During the course of this review, the Council provided this Office with details of the background to its possession of the site in question and of the searches conducted in response to the applicant's request. The Council stated that the storage depot was established in 1984 following acquisition of 0.05 acres of land from the GAA club and that the correspondence relating to that acquisition was provided to the applicant in response to his request. It stated that the depot was enlarged in 1999, facilitated by the Dunmore Demesne Recreational Trust Ltd which is the registered owner of the land concerned. It stated that no written record of the arrangement could be located but that a handwritten note was located of a telephone conversation that took place in 2003 with a former Council executive engineer, wherein the engineer recalled having signed an agreement on the Council's behalf regarding the arrangement. As outlined above, Mr Flood of this Office provided the applicant with a copy of that handwritten note.
The Council stated that it holds a hard copy file relating to the compound in Dunmore which was set up in 2003 when the applicant first raised the issue with the Council and that no records other than those already released could be found. It further stated that it carried out a search in the Council Municipal District office in Tuam, where records which were previously stored in the Council's office in Milltown were transferred to in 2007, but that no records additional to those on the hard copy file in the Council headquarters in Prospect Hill were located. It added that there are no electronic records held on the matter as the relevant documentation predates this format of storing documentation.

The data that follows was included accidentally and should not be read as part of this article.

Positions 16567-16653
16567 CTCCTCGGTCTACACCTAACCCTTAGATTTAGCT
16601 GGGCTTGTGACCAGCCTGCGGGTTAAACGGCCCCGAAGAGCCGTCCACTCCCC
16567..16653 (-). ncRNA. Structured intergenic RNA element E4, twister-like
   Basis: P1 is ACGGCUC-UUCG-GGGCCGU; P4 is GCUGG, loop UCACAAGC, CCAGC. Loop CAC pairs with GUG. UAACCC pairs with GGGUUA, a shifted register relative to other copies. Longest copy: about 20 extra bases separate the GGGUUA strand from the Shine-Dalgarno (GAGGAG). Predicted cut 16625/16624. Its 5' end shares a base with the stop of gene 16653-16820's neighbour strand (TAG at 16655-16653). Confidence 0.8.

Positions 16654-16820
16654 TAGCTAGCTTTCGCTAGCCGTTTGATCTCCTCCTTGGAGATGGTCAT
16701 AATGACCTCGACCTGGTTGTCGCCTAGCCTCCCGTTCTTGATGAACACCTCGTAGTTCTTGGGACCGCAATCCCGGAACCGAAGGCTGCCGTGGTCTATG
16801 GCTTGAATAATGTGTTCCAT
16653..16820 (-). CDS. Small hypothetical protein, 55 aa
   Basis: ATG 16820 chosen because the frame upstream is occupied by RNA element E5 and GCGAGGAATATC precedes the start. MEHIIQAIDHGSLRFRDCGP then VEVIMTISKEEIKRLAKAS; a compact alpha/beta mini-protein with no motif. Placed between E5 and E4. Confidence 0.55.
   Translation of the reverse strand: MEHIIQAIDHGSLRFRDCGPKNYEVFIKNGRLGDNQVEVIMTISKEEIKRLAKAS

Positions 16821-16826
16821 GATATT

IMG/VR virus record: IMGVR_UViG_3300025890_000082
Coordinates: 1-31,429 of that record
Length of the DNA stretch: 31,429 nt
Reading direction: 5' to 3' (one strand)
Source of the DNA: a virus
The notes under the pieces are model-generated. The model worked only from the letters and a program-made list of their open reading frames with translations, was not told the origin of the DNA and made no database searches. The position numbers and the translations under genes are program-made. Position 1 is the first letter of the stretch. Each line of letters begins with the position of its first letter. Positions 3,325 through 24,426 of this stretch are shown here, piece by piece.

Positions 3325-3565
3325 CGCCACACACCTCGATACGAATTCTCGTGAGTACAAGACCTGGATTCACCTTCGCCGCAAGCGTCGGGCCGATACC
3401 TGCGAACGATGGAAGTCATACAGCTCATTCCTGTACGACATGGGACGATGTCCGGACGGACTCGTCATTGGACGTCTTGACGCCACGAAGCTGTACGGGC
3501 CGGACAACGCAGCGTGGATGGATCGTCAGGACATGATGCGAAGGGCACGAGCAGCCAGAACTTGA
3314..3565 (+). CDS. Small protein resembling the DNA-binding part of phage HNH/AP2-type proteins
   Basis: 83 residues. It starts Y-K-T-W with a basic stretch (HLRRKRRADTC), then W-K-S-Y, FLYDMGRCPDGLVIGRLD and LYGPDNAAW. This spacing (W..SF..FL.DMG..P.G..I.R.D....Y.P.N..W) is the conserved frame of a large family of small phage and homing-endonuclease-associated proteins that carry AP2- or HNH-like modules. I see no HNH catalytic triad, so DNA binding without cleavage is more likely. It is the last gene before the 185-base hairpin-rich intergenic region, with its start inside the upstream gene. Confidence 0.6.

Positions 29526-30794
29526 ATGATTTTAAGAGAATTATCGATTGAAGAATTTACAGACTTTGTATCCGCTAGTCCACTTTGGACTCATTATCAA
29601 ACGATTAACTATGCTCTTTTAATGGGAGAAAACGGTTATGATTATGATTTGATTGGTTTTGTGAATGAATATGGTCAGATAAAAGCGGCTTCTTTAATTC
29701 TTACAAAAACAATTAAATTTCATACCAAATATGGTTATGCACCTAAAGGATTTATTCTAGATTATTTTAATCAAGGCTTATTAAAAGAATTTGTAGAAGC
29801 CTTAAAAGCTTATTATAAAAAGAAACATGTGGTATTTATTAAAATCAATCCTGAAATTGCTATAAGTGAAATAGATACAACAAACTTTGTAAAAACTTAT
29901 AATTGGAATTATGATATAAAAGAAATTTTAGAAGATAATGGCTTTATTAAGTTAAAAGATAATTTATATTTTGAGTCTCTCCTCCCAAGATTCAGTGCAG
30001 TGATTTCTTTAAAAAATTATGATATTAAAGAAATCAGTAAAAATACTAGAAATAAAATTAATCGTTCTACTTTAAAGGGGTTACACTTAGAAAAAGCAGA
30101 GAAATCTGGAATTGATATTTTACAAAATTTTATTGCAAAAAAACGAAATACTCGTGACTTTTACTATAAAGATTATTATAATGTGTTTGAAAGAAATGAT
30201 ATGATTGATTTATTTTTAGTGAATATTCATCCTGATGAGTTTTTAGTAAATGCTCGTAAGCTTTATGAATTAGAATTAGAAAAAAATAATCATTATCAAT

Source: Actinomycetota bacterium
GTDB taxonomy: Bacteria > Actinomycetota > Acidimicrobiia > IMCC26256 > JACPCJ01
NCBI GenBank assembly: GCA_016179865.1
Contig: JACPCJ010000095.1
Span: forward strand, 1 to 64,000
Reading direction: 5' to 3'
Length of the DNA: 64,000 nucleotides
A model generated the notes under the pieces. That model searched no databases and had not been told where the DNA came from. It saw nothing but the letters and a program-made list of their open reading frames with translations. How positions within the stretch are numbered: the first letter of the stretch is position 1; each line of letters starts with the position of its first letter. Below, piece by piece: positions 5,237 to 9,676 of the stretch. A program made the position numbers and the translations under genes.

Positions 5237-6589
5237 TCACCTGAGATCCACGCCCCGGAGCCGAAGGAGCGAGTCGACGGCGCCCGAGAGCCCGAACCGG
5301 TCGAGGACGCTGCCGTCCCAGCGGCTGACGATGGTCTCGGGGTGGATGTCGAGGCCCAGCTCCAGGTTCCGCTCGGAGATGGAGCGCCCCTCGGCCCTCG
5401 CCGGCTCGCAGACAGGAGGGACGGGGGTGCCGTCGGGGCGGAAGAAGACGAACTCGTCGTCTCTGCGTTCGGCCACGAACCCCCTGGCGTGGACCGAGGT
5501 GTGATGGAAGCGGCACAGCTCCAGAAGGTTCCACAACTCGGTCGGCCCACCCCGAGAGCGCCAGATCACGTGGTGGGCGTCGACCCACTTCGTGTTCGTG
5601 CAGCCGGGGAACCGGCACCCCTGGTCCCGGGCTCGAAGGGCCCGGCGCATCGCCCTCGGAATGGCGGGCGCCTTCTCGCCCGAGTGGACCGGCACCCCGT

It would appear that a record of the arrangement entered into in 1999 to facilitate the enlargement of the depot did, at some stage, exist. However, the Council has not been able to locate such a record. Nevertheless, it is important to note that it is open to me to find that a public body has conducted reasonable searches even where records were known to have existed but cannot be found. In such circumstances, it is not reasonable to require a public body to continue searching indefinitely for such records.
Having regard to the Council's description of the background to its possession of the site and to the details of the searches it has undertaken to locate relevant records, I am satisfied that it has carried out all reasonable steps in an effort to ascertain the whereabouts of all relevant records coming within the scope of the applicant's request. I find, therefore, that the Council was justified in refusing access to any additional records on the ground that no further relevant records exist or can be found after all reasonable steps to ascertain their whereabouts have been taken.
Having carried out a review under section 22(2) of the FOI Act, I hereby affirm the decision of the Council to refuse to release additional records coming within the scope of the applicant's FOI request under section 15(1)(a) of the FOI Act.
Section 24 of the FOI Act sets out detailed provisions for an appeal to the High Court by a party to a review, or any other person affected by the decision. In summary, such an appeal, normally on a point of law, must be initiated not later than four weeks after notice of the decision was given to the person bringing the appeal.